The first is about empowered identification, knowing who you are and owning your unique neurodivergent self. Practicing mindfulness is one way to get insight here (so is reading books and listening to podcasts and talking to other humans). You start to get clear that you have this different pattern of sensitivities, attention, and emotionality, that you’re not the norm. And that’s an ongoing process, learning with ever more nuance the uniqueness of your situation. That leads into acceptance of the self – basically the core of meditation – and from there, self-compassion. It also begins the long journey of communicating these differences to people in your life, and building external systems and support structures to help you manage. This took me a loooong time. But once I got there I was able to flourish. 

Mindfulness also helps with self-regulation. It helps you notice and honor the special interest that you already use to sooth and regulate yourself. Valuing these things, communicating their importance to others. But the real gift of mindfulness is it helps you build capacity to notice when you’re in a suffering loop, or you’re dissociating, or you’re paying attention to something that’s not serving you. It teaches you how to interrupt that pattern by coming back to the present. The psychologist and autism activist Devon Price wrote a good little piece about this. You can also learn this through the use of a home base in meditation – the breath, or a sound, or whatever interests you. You can do this in a way that honors that you have a body that likes to move, and an attention that likes to wander around. You absolutely don’t have to sit unmoving, focused on the breath. In fact that will be agony for many ADHDers. It isn’t necessary. You can physically move, and you can wander your attention all over and still train yourself to get better at coming back. This kind of self regulation is a game changer – you need some way to disembed from your suffering, from the shame and the negative stories about how you are. 

There’s also a deep-end practice available that most people have no idea about. And that’s what I would call empowered disidentification.  If you actually pay attention to your in-the-moment experience, your experience of (for example) “ADHD-ness” actually goes up and down. There are times when your attention is really blown out and volatile, and there are times when it’s more stable. So it’s not a single, unchanging identity. The nervous system, the mind and body are constantly changing.

I want to be clear here. You are still an ADHD-er. That does not change, and it doesn’t need to change. You will always be predisposed to sensitivity and attentional volatility and all those things. But any experienced contemplative can tell you that you also have a broader “empty” awareness that can see all of those things. That awareness does not have ADHD, it does not have autism, that awareness is not white or black or brown, it’s not male or female or non-binary, it’s not a mother or a father…it’s not anything. And it’s also everything. You know, the whole paradoxical mystical eureka. Really knowing this, living this, is the deepest healing possible for any human nervous system, although that understanding is a long road with many traps and cul-de-sacs.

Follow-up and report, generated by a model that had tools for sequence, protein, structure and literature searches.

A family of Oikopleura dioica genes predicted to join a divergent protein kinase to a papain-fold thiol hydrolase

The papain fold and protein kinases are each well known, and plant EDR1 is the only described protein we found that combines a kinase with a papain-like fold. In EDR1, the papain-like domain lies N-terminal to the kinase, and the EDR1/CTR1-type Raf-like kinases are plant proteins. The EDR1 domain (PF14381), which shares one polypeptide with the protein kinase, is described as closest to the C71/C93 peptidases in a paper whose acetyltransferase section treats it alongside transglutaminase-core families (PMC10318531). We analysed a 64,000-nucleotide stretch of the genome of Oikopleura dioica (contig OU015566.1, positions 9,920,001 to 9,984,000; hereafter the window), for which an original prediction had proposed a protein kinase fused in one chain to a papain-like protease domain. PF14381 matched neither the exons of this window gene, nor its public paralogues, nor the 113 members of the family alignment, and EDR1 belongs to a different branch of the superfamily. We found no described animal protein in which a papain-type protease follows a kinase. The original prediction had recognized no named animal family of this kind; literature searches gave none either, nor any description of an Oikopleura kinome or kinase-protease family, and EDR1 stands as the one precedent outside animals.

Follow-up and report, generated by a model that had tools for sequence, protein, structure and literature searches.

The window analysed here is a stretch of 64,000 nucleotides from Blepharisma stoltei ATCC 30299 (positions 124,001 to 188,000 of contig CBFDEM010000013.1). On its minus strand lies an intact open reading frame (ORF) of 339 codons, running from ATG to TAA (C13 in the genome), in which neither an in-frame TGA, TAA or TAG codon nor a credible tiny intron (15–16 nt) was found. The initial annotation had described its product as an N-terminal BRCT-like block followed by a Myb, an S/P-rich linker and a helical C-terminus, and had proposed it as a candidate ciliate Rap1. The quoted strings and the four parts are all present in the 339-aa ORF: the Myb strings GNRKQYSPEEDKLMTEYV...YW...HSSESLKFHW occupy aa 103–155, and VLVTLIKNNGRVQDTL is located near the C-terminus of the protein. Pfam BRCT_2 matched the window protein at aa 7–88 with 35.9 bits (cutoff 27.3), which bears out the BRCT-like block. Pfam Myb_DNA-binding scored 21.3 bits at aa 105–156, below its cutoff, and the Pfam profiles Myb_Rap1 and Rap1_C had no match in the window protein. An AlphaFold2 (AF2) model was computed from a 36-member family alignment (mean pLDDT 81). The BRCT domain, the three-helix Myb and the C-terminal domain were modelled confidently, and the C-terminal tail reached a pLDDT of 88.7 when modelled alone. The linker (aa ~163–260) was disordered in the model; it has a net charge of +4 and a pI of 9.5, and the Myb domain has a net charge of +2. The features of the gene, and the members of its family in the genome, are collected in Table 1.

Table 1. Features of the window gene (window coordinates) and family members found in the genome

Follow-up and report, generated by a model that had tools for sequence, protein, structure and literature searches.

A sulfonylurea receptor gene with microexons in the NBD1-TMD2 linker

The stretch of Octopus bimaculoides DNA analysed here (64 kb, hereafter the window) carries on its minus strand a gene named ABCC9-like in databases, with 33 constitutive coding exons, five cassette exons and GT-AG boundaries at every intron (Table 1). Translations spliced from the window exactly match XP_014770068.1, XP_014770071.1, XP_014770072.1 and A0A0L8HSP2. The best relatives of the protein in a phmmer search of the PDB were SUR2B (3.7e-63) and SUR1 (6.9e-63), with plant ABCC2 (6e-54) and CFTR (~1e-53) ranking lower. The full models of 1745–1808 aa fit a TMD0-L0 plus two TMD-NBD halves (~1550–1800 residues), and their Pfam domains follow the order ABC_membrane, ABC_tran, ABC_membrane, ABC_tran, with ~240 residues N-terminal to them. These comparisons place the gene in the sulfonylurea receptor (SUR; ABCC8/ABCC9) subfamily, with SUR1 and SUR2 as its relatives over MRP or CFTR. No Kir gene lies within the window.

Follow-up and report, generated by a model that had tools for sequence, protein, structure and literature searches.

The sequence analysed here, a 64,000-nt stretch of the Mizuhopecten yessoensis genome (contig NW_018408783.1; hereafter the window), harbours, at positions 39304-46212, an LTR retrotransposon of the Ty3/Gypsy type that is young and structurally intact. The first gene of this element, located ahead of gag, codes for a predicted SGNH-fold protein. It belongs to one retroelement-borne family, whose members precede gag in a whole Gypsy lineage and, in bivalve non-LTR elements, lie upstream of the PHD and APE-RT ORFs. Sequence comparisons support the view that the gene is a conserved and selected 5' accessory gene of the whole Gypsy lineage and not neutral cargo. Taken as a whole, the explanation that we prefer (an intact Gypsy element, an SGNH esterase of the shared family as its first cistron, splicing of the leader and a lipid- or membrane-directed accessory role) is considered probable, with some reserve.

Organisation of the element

That’s one thing I think is missing from the neurodiversity conversation. The identity-first language is important, but there’s also this other wider and deeper perspective that can be so healing. If you can connect to that, you realize that – in a sense – in this moment, there is no problem. That is nourishment every human can benefit from.

Erin: Do you think there are any actual neurotypical people? Like there’s one guy somewhere who’s the baseline?

Jeff: That one guy. He’s the only neurotypical person on the planet. I bet he feels really … different!

Erin: Poor guy.

Jeff: I think it’s like dropping a stone in a pond. Nobody lives at the exact impact point. Everyone is at least one circle out, and it just goes further out from there. It’s degrees of difference. Everyone is unique, there’s no question that’s true. Insofar as you feel yourself to be having a hard time with the neuro “typical” expectations of the culture, then you could say that you’re in some form of neurodivergence. Whether it’s because of a profound mystical experience that you’ve had, or whether it’s bipolar, or ADHD, autism, a brain injury, Tourette’s, or OCD. Or in any other way that makes getting by as a 21st century citizen somehow challenging for you. But there’s no defined line that is the official marker. 

Neurodiversity is a description of the reality of the human condition, but naming it matters for people who are suffering and living in those specific ways, because it’s a term of empowerment. The term emerged from the autism community, where those differences had only ever been pathologized. Really they should have the final say in how the term is used. I do think it’s kind of beautiful how the term ended up creating this much larger umbrella of celebrating human difference.

Erin: So beautiful. Hey, what time is your flight?

Jeff: Hmm. It seems to be happening right now! Uh oh I gotta go!

Erin: There’s that brain in action! Go catch that plane!!

Jeff: Thanks for helping me Erin. I am excited for the different teachers and practices this month – all different perspectives on the neurodiverse experience!